Church and America’s National Churchill Museum Attract New Audiences
The 17th–century Church of St. Mary the Virgin, Aldermanbury, and America’s National Churchill Museum attracted the attention of new audiences last week when a national Christian publication and an Ohio newspaper published articles highlighting their historic appeal.
In his article 5 Old Churches You Can Visit Without a Passport for The Christian Post, regular contributor Dennis Lennox and recent visitor to campus relates how the Church of St. Mary the Virgin, Aldermanbury, was shipped stone by stone across the Atlantic Ocean to be restored on the Westminster campus.
Other churches featured in the article are St. Thomas Church in New York City; the Gothic Revival Chapel at the Hawaiian Royal Mausoleum State Monument in Honolulu; the Basilica of the National Shrine of the Assumption of the Blessed Virgin Mary in Baltimore, MD; and the Cathedral Church of St. John Divine in New York City.
The Christian Post is an American, nondenominational, Evangelical Christian newspaper based in Washington, D.C.
The second article, Fulton, Missouri, Chronicles History Via National Churchill Museum at Westminster College, appeared in The News-Herald newspaper of Willoughby, OH, near Cleveland.
This travel feature traces the history and content of Sir Winston Churchill’s famous “Sinews of Peace” speech, more commonly known as the “Iron Curtain” speech; America’s National Churchill Museum; the Church of St. Mary the Virgin, Aldermanbury; and the Breakthrough sculpture on campus, created by acclaimed sculptor and Churchill’s granddaughter, Edwina Sandys.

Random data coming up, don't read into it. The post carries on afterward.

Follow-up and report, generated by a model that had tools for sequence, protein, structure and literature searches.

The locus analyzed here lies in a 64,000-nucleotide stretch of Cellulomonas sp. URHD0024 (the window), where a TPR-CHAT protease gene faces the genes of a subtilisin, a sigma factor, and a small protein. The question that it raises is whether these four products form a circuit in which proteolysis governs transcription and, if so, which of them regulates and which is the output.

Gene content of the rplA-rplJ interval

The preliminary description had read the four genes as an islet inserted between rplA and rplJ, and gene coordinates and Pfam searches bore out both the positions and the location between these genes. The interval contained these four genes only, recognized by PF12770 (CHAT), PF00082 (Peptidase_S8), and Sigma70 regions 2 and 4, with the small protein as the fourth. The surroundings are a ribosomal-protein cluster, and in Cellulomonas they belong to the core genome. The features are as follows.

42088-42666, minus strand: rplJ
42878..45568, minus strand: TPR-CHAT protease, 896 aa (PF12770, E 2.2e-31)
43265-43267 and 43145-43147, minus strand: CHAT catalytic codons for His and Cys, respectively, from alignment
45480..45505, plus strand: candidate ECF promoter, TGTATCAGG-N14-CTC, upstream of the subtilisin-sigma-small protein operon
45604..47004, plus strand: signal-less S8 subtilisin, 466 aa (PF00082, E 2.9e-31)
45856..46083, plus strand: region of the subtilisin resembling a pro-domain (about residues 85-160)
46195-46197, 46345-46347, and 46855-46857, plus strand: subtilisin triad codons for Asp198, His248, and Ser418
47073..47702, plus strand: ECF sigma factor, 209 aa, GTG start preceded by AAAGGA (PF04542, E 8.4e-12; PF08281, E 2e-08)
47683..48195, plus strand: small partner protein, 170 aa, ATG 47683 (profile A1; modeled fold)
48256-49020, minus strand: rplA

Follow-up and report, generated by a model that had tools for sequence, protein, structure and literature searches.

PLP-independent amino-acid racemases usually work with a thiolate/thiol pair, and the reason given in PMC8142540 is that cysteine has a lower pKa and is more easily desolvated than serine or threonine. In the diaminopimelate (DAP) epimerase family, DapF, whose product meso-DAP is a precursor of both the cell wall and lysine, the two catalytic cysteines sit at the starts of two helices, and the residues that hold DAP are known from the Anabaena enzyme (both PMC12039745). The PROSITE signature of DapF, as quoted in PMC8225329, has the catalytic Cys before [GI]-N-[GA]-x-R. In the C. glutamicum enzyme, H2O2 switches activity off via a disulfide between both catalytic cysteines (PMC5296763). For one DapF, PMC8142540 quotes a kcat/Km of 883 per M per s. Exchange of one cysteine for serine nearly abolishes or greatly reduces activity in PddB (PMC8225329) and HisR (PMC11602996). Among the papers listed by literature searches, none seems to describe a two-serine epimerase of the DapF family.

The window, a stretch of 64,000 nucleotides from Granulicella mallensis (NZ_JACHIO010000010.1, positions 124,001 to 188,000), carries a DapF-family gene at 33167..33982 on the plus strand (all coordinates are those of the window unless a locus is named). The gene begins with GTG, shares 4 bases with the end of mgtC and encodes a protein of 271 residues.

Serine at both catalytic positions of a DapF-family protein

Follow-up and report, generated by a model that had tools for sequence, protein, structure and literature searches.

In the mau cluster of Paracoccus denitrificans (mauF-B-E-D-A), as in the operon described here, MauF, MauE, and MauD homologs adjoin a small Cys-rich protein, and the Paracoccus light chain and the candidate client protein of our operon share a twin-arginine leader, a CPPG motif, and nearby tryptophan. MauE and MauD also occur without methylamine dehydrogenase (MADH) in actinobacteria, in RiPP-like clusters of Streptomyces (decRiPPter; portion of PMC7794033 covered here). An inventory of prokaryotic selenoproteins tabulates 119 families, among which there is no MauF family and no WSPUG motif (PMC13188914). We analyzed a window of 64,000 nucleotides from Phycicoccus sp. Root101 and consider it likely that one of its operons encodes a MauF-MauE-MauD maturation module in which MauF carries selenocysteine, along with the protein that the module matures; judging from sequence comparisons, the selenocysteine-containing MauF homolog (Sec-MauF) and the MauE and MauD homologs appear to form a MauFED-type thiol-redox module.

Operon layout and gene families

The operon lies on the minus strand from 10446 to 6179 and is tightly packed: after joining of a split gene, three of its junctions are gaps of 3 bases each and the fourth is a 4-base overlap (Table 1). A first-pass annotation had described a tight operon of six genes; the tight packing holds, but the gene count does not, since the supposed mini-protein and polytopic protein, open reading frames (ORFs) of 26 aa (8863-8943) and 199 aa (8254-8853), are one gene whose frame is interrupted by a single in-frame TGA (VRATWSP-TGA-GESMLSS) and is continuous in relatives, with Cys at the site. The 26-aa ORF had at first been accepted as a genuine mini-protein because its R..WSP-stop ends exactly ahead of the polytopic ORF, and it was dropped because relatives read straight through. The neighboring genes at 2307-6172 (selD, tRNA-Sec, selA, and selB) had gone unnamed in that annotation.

The article ends by posing the question most visitors to the Westminster College campus ask: “Who knew all this history lives in a small Midwestern town?”
Richard and Maria Grant are two of the people who heard about the Museum and Aldermanbury, now celebrating 50 years in Fulton.
The Pasadena, CA, couple donated an ornate scroll to America’s National Churchill Museum. Dated June 8, 1904, the calligraphy-laden scroll was issued in London to honor The Rev. Charles C. Collins, M.A., Rector of the Church of St. Mary the Virgin, Aldermanbury, on 50 years of service as the famous church’s clergyman.
The scroll bears the signatures of Church Wardens J.A.S. Lovatt and Pierson C. Carter, who followed in the footsteps of their famous predecessors, John Heminges and Henry Condell. Heminges and Condell were friends of William Shakespeare and fellow actors who published the First Folio of the Bard’s plays.
“St. Mary the Virgin, Aldermanbury, is a venerable landmark with a rich history that is well known to the Westminster community,” said Timothy Riley, Sandra L. and Monroe E. Trout Director and Chief Curator of America’s National Churchill Museum. “As we continue to celebrate the 50th anniversary of its re-hallowing here, it is gratifying to know that our story continues to be shared and appreciated by audiences across the United States and beyond. We are particularly grateful to Richard and Maria Grant whose generosity has ensured that a treasured piece of Aldermanbury’s past is now preserved for future generations here in Fulton.”